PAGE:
Talented performers drift through sensational songs in The Drifters Girl, a disconcerting jukebox musical that strives to tell the story of an ever-changing line-up of singers.
The story, which is a frustratingly surface-level affair, follows headstrong southern girl Faye. She marries The Drifters’ manager, George Treadwell, and then sets about transforming the fluctuating band of rhythm-and-blues vocalists into a flourishing brand. When George unexpectedly dies, Faye Treadwell finds herself fighting to be taken seriously as one of the first female African American managers in a sexist and racist industry.
Faye relays her experiences from 1954 onwards to her daughter (credited as ‘Girl’ but essentially a bare-bones outline of real-life Faye’s daughter Tina Treadwell, who was consulted throughout the musical’s writing and development process). The entire narrative is basically Faye explaining what she did and why ahead of a court case to secure copyright of the ‘Drifters’ name.
The show tasks just six cast members with transporting an audience to the era of classic soul and charting the trailblazing efforts of a strong black woman who refused to give up on the group she loved. Disappointingly, with only four men portraying a dizzying succession of singers and assorted supporting characters, trudging along on the Treadwell treadmill soon gets tedious.
Roles are switched at the drop of a hat – or the shrugging on of a jacket, the addition of a pair of glasses, the flaunting of a feathery headdress. This initially seems like an imaginative way to handle the ambiguity surrounding The Drifters’ identity. Not to mention showcase the impressive skills of the cast: they can sing, they can move, they can act, they can adopt a variety of timbres and accents. Bravo to Miles Anthony Daley, Tarik Frimpong, Dalton Harris and Ethan Davis. However, the constant chopping and changing results in random caricatures wandering in and out of Faye’s orbit. There is a distinct lack of drama or emotion to engage with.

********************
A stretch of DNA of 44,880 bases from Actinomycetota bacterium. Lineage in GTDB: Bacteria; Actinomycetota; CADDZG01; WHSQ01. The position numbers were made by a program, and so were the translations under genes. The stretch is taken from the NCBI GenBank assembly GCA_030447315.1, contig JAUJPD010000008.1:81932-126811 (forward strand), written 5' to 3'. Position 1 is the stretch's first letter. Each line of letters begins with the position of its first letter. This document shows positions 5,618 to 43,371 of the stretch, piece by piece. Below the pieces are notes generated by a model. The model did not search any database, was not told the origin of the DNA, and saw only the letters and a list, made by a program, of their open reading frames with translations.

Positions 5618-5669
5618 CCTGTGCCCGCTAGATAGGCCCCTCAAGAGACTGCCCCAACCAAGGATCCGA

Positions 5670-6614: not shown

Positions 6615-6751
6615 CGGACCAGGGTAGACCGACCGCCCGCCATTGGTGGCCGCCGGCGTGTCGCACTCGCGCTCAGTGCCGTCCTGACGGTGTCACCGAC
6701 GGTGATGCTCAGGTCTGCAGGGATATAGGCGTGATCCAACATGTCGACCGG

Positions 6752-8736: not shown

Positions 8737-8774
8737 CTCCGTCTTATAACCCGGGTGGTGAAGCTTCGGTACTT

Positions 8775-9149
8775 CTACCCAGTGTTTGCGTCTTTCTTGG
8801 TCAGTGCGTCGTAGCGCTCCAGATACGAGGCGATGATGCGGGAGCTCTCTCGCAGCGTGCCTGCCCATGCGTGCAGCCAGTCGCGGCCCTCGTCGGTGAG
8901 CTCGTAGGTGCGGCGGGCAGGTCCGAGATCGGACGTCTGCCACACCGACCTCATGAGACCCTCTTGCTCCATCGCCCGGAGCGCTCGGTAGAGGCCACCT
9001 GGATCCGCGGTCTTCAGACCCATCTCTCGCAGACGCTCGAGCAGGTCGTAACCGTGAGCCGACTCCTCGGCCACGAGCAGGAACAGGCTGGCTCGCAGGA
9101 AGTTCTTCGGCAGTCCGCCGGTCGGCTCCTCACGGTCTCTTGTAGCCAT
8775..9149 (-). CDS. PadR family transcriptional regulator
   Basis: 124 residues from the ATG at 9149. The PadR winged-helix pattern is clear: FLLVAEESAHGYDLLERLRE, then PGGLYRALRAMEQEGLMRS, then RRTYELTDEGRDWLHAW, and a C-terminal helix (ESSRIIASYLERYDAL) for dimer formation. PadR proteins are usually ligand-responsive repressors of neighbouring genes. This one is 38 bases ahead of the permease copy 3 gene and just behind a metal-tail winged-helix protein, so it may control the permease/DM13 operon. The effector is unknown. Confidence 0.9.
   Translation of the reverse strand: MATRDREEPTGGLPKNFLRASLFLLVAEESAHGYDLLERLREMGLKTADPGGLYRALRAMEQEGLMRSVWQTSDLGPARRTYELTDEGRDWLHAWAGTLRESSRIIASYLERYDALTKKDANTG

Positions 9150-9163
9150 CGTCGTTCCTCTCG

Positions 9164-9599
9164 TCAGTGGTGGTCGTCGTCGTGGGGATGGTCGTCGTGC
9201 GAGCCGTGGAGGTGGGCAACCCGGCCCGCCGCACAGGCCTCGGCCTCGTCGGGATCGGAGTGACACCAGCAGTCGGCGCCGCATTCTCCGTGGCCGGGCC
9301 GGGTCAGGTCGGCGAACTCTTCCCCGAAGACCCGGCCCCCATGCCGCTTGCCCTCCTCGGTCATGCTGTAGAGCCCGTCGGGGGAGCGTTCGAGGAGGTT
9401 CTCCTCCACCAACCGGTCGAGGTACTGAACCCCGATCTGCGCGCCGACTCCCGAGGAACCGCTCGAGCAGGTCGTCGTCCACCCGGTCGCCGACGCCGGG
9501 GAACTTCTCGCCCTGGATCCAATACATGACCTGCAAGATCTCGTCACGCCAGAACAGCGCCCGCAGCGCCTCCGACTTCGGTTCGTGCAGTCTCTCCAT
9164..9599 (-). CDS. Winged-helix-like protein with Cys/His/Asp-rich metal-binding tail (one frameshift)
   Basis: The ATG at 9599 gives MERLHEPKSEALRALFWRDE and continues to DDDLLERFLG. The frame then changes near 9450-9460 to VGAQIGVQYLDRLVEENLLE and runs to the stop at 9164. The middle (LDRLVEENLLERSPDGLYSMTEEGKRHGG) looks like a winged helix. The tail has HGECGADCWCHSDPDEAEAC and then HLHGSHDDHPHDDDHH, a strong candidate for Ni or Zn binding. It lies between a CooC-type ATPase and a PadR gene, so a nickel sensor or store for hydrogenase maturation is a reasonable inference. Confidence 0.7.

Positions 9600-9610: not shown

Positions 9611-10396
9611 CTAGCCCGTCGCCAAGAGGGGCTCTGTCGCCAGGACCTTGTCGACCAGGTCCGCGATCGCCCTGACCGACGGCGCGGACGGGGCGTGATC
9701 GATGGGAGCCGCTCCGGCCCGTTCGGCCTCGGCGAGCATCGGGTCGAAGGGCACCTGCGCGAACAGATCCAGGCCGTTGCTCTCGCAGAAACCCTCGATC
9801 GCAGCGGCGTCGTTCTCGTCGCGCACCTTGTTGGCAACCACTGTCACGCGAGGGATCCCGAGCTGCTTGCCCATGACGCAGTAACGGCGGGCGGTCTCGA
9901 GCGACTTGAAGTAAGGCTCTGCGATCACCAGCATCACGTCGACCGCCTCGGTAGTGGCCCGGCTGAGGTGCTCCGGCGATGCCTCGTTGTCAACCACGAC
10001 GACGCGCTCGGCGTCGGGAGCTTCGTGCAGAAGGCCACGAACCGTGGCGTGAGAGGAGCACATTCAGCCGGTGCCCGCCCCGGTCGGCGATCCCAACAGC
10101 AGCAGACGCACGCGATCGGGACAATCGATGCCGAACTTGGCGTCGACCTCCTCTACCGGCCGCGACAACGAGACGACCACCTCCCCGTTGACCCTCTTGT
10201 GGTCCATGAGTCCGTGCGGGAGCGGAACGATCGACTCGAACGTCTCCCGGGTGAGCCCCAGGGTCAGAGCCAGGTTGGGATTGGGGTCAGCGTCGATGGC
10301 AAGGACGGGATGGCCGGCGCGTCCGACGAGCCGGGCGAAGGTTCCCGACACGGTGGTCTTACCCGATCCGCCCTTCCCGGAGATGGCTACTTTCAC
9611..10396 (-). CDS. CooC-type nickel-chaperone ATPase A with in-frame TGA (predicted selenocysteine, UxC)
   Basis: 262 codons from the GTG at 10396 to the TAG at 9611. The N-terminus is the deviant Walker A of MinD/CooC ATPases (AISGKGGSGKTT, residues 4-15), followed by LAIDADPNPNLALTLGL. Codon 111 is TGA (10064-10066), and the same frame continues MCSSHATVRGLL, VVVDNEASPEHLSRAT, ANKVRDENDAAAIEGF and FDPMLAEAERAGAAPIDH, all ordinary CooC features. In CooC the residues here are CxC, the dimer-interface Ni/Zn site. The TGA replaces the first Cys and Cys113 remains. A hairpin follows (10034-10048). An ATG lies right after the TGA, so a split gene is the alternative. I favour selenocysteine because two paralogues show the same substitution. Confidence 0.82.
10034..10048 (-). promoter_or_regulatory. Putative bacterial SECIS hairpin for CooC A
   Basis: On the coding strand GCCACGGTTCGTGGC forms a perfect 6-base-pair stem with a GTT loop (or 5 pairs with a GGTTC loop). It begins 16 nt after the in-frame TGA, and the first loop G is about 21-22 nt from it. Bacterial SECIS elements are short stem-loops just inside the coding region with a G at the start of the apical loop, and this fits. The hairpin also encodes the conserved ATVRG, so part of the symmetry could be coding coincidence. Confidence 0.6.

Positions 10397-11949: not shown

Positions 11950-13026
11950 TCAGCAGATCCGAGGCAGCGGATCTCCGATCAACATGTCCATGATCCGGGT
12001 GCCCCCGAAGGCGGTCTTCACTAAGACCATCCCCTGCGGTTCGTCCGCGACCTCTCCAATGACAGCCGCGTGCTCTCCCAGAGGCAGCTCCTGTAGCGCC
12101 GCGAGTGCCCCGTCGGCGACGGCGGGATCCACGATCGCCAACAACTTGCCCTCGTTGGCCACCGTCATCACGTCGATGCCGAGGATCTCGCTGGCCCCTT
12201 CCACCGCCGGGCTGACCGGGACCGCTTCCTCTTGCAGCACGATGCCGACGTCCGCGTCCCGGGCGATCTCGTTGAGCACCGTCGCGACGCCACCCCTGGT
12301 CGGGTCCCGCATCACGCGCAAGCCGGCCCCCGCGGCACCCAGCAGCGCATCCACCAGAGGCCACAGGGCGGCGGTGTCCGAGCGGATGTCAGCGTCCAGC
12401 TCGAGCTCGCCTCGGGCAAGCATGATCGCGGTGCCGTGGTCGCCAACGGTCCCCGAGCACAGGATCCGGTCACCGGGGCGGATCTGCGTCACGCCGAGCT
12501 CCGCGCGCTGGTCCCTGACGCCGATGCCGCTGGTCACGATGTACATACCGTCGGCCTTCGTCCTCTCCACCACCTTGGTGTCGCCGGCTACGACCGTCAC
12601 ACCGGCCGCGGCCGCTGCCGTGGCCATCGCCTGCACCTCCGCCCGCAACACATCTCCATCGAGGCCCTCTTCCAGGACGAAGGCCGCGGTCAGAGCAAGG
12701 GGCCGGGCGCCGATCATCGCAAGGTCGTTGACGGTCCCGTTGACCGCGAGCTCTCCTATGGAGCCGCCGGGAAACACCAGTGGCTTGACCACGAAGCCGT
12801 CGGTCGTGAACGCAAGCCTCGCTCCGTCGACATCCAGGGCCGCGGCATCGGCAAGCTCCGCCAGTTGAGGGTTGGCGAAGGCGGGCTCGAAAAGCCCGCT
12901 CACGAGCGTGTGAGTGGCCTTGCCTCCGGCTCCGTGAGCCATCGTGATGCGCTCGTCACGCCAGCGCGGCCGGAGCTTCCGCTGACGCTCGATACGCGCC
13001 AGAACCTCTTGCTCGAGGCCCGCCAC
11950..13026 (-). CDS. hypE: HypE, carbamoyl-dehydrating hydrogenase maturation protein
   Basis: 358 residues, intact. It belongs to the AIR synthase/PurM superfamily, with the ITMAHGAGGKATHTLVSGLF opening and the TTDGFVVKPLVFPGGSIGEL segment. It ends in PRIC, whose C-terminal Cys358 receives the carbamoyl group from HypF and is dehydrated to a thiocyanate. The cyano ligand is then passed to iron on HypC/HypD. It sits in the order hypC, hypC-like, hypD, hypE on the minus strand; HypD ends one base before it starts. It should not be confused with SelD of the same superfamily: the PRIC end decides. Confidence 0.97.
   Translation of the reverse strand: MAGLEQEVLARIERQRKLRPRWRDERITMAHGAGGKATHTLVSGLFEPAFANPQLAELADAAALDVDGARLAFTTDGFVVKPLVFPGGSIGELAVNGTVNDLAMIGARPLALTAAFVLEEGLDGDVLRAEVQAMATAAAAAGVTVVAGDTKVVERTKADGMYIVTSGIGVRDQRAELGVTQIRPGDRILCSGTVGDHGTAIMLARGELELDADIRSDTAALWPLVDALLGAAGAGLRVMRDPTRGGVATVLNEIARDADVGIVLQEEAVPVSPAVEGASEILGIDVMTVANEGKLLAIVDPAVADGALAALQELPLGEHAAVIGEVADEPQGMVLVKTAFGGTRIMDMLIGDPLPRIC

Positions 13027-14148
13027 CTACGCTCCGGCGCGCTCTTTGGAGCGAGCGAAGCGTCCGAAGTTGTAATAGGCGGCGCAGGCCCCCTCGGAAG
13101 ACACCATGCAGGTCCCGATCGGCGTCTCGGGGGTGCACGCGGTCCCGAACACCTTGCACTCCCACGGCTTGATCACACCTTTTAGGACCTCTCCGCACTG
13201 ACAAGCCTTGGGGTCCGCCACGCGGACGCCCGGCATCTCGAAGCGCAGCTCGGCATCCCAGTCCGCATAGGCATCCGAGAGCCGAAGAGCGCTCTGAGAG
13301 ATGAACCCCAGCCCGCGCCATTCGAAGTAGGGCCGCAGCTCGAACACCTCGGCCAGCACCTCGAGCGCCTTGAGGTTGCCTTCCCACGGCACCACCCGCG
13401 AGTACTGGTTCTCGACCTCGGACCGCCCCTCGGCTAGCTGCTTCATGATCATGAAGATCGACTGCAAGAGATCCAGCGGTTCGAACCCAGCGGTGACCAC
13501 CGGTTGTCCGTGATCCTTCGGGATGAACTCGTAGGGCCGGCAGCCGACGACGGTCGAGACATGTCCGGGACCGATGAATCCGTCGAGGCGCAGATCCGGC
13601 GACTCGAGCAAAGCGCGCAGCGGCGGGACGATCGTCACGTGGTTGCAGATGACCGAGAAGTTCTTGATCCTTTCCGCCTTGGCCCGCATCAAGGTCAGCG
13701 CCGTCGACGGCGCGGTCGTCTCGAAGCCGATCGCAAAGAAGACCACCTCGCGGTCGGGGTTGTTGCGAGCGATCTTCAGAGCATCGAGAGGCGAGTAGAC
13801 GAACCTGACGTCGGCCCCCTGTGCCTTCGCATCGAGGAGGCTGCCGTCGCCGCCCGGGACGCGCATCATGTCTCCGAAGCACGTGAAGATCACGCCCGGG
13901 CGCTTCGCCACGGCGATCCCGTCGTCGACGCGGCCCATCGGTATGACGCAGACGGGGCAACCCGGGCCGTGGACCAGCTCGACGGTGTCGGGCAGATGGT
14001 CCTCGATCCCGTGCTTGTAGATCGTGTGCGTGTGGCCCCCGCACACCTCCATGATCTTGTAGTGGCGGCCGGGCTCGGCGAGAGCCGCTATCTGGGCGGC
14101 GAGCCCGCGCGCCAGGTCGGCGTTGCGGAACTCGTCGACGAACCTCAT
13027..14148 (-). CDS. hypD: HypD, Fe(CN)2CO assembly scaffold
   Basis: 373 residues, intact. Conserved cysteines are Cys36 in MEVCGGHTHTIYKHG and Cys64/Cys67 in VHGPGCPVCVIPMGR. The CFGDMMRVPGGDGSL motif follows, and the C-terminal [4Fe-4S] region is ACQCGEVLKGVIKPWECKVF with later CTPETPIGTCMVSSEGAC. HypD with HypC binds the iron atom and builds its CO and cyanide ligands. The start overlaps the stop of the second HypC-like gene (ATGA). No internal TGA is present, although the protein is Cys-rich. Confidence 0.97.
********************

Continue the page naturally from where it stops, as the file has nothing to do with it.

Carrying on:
Even Faye is two-dimensional. At the press night performance in Milton Keynes, the role of Faye Treadwell was performed by first cover Loren Anderson, who delivered some soaring vocals and wore some beautifully tailored outfits. Yet the absence of any nuanced character development or meaningful interactions means that Faye remains an enigma and the discrimination she faces is portrayed in silly, sketchy, shouty ways.
Jonathan Church’s direction ensures scenes progress swiftly. Fay Fullerton’s costumes capture the style of the period; there are lots of sharp suits accessorised with coordinating ties and glossy patent two-tone brogues. Similarly, Karen Bruce’s slick choreography means the crooning and doo-wopping men behind microphones shift their weight, swing their arms and click their fingers with the requisite casual aplomb.
Anthony Ward’s sparse set comprises textured walls of tiles, which are intermittently moved closer together to mimic a soundproof recording studio and moved further apart to produce performance venues, outdoor locations and a courtroom. Andrzej Goulding’s video designs endeavour to create interest and give the impression of more people on the stage – the effectiveness of this is unclear due to a surprisingly restricted view from a seat at the edge of the auditorium.
Some odd stereotypes are featured, along with pantomime-like references to Milton Keynes. The lack of depth is troubling for theatregoers who are not already nostalgic about the songs. The Drifters Girl seems to be pitched at ardent fans of The Drifters who are content to meander down their own memory lanes. All the hits are included, with favourites such as ‘Come On Over To My Place’, ‘Saturday Night At The Movies’, ‘Save The Last Dance For Me’, ‘Stand By Me’ and ‘Under The Boardwalk’ performed in medleys and as stand-alone numbers.
Running time: Approximately 2 hours 20 minutes, including an interval.
*Production photography by Johan Persson.
This review is also featured on Total MK.
Georgina Butler is an editor, a dance writer and a ballet teacher.